As other people have said, though, there's a whole lot of driving in that area. You should allow an hour to drive between any of Yellowstone's major developed areas, and the parking at some features can be a huge mess. We bailed out of one rather than hover for parking, and when we saw the mess at another one we decided to add it as a stop on our way out of the park the next morning. If the goal is to see Yellowstone you'll save (some) time and driving by staying within the park, but you'll still end up doing a lot of driving between the major areas in the park.

Grand Teton National Park is indeed quite beautiful and well worth visiting on its own merits but if I were planning a trip to Yellowstone I'd want to stay in Yellowstone and not have the extra driving to do every day.
posted by fedward at 9:56 AM on August 15, 2018


>> bland / tourist traps / nodes of rote
Understand that the closer you get to Yellowstone/Grand Teton, the more touristy things will become. As noted above, Cody has some interesting things, but gets very touristy this time of year.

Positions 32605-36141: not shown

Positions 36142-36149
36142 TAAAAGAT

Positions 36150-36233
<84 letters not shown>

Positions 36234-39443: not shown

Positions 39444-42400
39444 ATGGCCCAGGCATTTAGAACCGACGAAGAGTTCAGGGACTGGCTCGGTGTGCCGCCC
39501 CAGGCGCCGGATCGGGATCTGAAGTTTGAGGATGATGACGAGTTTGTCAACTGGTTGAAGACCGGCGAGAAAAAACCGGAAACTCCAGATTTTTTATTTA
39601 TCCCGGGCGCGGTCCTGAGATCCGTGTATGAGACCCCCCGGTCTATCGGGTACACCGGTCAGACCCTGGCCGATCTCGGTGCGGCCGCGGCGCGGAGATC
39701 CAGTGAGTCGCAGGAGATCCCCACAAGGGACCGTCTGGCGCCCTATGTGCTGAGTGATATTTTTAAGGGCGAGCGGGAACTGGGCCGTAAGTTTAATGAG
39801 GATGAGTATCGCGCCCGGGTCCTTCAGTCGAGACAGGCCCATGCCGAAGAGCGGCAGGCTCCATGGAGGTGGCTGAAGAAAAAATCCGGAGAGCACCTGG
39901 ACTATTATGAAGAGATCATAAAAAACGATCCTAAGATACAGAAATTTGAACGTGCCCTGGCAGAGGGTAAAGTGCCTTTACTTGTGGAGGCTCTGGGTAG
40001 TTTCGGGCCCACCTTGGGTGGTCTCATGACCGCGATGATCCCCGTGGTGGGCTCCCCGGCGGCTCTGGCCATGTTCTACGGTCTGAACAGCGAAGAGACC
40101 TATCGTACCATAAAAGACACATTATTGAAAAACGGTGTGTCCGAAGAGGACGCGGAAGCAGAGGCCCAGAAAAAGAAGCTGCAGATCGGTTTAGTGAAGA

I would definitely recommend the drive through Y/GT, it's not to be missed. But it will be very crowded, and (by the standards of a National Park) to my taste, somewhat touristy. I don't know that staying in the park would be my ultimate objective.

>> Strong interest in local + natural history
Really? There's a lot of places in Wyoming that are interesting - and small, out-of-the way - along the route that you might be taking. There's the Medicine Wheel near Lovell, a dinosaur tracksite near Greybull, a dinosaur dig and museum in Thermopolis (and hot springs for swimming), and my personal favorite, Fossil Butte National Monument south of Y/GT. A lot of the towns also have nice museums with interesting local history, and the museum in Cody is excellent for Western art, natural history, and archaeology. You will doubtless pass through National Forests that offer non-crowded, non-touristy hiking, camping, and photography opportunities. If any of this sounds interesting, I could elaborate or provide links.

>> Setting price aside for the time being
Well, heck, that would be Jackson. ;>) Seriously, Jackson is fun if you're looking for a bit more upscale experience.
posted by dono at 11:08 AM on August 15, 2018


So one thing your framing of the question about tourist traps and industrialized tourism makes me want to address that I think you may not totally realize: